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The best baseball stories of 2016 (so far)

From a rookie who overcame career-threatening concussions to an MVP candidate, who overcame the tyranny of long legs, here are my favorite stories of the 2016 season.

Jennifer Buchanan-USA TODAY Sports

Listen, if we’re being honest, I don’t care about you or your team. I’m sure you’re all very nice, and your favorite players seem lovely, for the most part. But there’s just so much baseball being churned out by my team — about 20 hours a week, the same as a part-time job — that it’s hard to make the same kind of individual connections.

On the other hand, I’m forced to care about your team. It’s part of my job, and if we’re being really honest, it turns out that I care a little bit. And if we’re being really really honest, there are some players who make me care a lot.

These are those players. These are my favorite stories of 2016 so far. There will be another, sadder list later this week, but for now, here are the players and/or teams that have put a smile on my face this season.

Jose Altuve, MVP candidate

It’s not just that Jose Altuve is shorter than the typical major leaguer. It’s that he has an exciting style of play. He’s a high-contact, plus-speed player with excellent range and surprising power. It’s fun to watch him do anything on the field, and those players are in relatively short supply.

Oh, I ... no, I didn’t mean that. The pun, I mean. This is supposed to be a very serious baseball article, and what I was trying to say is that Altuve is fun, regardless of how unique his body type might or might not be, and it’s been amazing to watch him reach new heights this season.

Oh, I ... okay, the best way to put it is like this: Back when I was in college, I came home for the summer and found out that my school was adding baseball as a club sport. This intrigued me, and so I spent two months "training," by which I mean that about once a week, I would take two rounds in a batting cage and then spend $12 on NBA Jam.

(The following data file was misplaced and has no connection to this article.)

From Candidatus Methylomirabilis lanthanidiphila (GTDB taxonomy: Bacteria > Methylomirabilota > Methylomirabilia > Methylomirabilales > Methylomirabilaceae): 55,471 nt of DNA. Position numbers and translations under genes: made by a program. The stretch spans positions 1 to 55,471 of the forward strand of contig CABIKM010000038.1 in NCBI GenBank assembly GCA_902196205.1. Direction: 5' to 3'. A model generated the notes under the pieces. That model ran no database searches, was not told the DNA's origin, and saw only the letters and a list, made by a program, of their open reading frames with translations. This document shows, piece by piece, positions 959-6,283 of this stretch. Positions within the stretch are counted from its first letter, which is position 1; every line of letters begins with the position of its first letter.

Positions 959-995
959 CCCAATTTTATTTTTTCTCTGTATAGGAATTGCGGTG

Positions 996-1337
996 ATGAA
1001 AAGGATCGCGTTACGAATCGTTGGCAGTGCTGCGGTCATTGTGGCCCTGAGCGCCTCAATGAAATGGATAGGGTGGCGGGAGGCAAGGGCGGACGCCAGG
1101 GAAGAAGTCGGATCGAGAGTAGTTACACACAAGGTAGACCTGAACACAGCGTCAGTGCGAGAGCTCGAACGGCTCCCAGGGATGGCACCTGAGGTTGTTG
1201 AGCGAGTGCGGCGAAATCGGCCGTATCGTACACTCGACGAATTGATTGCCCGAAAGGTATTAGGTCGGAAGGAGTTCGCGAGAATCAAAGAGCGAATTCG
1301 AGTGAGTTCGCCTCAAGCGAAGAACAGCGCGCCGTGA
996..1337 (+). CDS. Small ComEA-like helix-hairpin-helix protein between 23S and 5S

I harbored these delusions of club-sports grandeur for a little bit, but I got discouraged quickly. I was 5’8, and I knew my competition would be a bunch of Baby Hueys, who were much stronger than me. I just didn’t see how someone my size could compete, even at that level.

In other words, WHERE WAS MY ALTUVE? Heck, I’d probably still be on the Twins’ bench if I just believed in myself. If I had some damned heart. If I had some inspiration. I didn’t even try out when I came back, all because I was caught between the Joe Morgan era and the Jose Altuve era.

I should have tried out. But those drunken games between the Warriors and Jazz weren’t going to play themselves. Meanwhile, Altuve might end up with the best season ever from a player 5’6 or shorter, even though a) he’s probably shorter than that, and b) being compared against early 1900s players, who played in a league where half of the players had rickets.

Steven Wright, knuckleballer extraordinaire

It’s been a while since R.A. Dickey was a phenomenon. An older, Tolkien-quoting phenomenon, but still one of the biggest stories in baseball. He threw a knuckler — check that, an angry knuckler — that was one of the most delightful pitches in recent memory. It was a fast, subtle knuckleball that was without a lot of peers in baseball history.

Now he’s just an innings eater. A still-valuable piece of a contending rotation, and someone the Blue Jays would likely miss if he weren’t there, but he’s not someone that is going to make me turn on a game these days.

Enter Steven Wright. He’s a welcome story for two reasons: First, he makes me look up Steven Wright quotes every time I think about him, and second, he’s the last of his clan, a true knuckleballer. And he has the talent not only to stick in the majors, but to thrive.

Look at this pitch:

No one has any idea where it’s going. Not Chris Davis. Not the catcher. Not the fans. And certainly not Wright. Finally, a true knuckleballer has arrived, someone who deceives the world with a lazy, deliberate motion, throws a traditional knuckler, and leaves everything to the volcano god of physics.

The Rockies might have found a rotation

Point of order: The Rockies still employ Dinger, a foam gargoyle who gets to distract pitchers for whatever reason, even though his own players hate him. So, I can’t enjoy the mini-rise of Jon Gray, Tyler Chatwood, and Tyler Anderson too much.

But the struggles of the Rockies have always bugged me, if only because I like there to be answers to the riddles that baseball invents. The Rockies didn’t know what to do with their pitching after coming into the league in 1993, so they tried to buy it with Mike Hampton and Denny Neagle. That failed so spectacularly that free agent pitchers are still wary of signing with the Rockies, so then the Rockies tried sinkerballers. Then they tried fly ball pitchers, for some reason. They were a step away from putting a suggestion box in front of the ballpark.